The Livingstone Museum is the largest and the oldest museum in Zambia, established in the 1934 as the David Livingstone Memorial Museum and was located in the old Magistrate’s Court building.
In 1937 it moved to the United Services Club building. In 1939, The Rhodes-Livingstone Institute was started and incorporated with the David Livingstone Memorial Museum. In 1939 the collection was expanded to include relics of Cecil Rhodes and the British South African Company. In 1946, the Museum and the Institute were separated and the Museum’s name changed to the ‘Rhodes-Livingstone Museum’.
In 1945, fund-raising for a Museum building started. Work on the building started in 1949 and was completed in 1950. It was designed by Major W J Roberts in Spanish style. Jock Millar, former mayor of Livingstone, requested that Harry Susman donate a ‘four-faced’ tower clock to the museum, but before it was unveiled in the museum, Susman died. The museum was officially opened in 1951.
In 1956 the museum was a trustee, along with National Monuments Commission of Northern Rhodesia (later the National Museums Board) and the Wenner-Gren Foundation, of the excavation of the Kalambo Falls Prehistoric Site.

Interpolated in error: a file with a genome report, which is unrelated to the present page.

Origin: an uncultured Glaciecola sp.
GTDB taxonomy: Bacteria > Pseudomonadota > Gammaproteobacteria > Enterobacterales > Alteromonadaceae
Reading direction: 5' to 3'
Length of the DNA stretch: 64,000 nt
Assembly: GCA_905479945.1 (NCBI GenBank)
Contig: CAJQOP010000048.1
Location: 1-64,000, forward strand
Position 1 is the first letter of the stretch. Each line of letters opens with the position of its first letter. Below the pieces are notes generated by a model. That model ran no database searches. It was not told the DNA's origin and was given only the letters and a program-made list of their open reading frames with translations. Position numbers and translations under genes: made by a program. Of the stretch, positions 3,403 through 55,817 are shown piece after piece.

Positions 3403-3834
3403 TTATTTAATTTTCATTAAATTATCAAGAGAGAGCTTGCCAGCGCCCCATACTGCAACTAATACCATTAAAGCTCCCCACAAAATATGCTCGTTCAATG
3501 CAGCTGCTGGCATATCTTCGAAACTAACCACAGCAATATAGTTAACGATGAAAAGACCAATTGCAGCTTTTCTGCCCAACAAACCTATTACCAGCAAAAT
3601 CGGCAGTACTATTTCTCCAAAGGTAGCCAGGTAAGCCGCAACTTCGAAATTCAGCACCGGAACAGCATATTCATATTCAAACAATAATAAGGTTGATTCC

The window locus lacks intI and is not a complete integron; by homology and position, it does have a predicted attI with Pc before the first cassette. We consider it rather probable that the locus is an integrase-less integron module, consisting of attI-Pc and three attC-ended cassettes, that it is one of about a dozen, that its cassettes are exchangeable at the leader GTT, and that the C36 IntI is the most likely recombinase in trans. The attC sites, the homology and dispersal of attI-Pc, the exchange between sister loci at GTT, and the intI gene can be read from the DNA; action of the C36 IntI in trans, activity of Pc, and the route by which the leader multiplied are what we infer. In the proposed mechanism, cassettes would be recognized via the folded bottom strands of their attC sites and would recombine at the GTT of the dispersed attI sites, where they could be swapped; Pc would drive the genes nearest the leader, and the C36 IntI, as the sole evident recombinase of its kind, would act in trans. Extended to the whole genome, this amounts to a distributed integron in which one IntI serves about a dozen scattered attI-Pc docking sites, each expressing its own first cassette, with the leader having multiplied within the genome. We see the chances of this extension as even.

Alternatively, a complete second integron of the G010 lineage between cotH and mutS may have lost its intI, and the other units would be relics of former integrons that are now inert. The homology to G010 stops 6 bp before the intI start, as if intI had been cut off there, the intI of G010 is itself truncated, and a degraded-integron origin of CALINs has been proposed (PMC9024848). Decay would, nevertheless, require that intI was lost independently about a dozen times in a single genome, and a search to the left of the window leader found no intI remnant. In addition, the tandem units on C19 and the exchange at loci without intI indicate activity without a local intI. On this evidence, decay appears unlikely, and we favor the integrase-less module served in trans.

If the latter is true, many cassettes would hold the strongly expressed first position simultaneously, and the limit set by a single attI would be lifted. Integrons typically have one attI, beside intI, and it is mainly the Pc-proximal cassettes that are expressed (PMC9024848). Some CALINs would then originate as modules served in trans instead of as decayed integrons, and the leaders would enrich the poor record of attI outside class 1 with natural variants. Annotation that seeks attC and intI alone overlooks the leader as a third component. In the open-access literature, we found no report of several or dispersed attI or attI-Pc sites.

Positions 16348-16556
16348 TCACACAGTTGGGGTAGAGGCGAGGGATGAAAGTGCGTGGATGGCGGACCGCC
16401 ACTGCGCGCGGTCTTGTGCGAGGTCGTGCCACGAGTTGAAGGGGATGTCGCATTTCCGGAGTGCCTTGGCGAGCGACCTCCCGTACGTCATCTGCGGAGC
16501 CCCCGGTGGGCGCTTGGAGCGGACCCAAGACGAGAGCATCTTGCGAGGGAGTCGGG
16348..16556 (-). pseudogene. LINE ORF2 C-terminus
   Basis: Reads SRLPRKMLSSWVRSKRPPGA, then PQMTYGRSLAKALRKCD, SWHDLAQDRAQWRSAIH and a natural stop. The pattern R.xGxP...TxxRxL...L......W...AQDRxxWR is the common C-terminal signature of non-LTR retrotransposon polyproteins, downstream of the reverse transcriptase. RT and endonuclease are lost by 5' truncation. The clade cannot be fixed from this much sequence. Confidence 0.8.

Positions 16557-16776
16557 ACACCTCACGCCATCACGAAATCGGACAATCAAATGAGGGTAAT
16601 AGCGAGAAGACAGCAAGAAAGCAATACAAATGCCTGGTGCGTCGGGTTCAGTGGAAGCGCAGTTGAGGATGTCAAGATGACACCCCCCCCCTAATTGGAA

In 1960 the museum recreated villages from five ethnic groups to give visitors a sense of traditional tribal life and to present the “way of life during the bronze and iron age.” In 1963 a research wing was added to the museum building to provide workspace and storage rooms for Archaeology, Ethnography and History. In 1966 a Natural History Wing was added. The name of the Museum changed from the Rhodes-Livingstone Museum to its present name of the Livingstone Museum in 1966.
The museum started publishing Occasional Papers from 1948 but published the 16 papers in 1967 as a new series titled Zambian Museum Papers, based on extensive research of Zambia’s prehistory, history, ethnography and natural history. These papers were authored by specialists in each field. The papers provide substantial information on each of the large number of exhibits systematically displayed in the museum with labels.
In 2003 the buildings were renovated with funds from the European Union. Over the years, the museum has been a trustee of numerous archaeological expeditions in Zambia. In 2005, a statue of David Livingstone was erected in front of the museum in memory as was a statue of Emil Holub, a noted Czech doctor, explorer, cartographer, and ethnographer who made the first map of the Victoria Falls region.
The museum is laid out in five galleries namely, the Archaeology gallery, the Ethnographic gallery, the History gallery, the Art gallery and Livingstone gallery.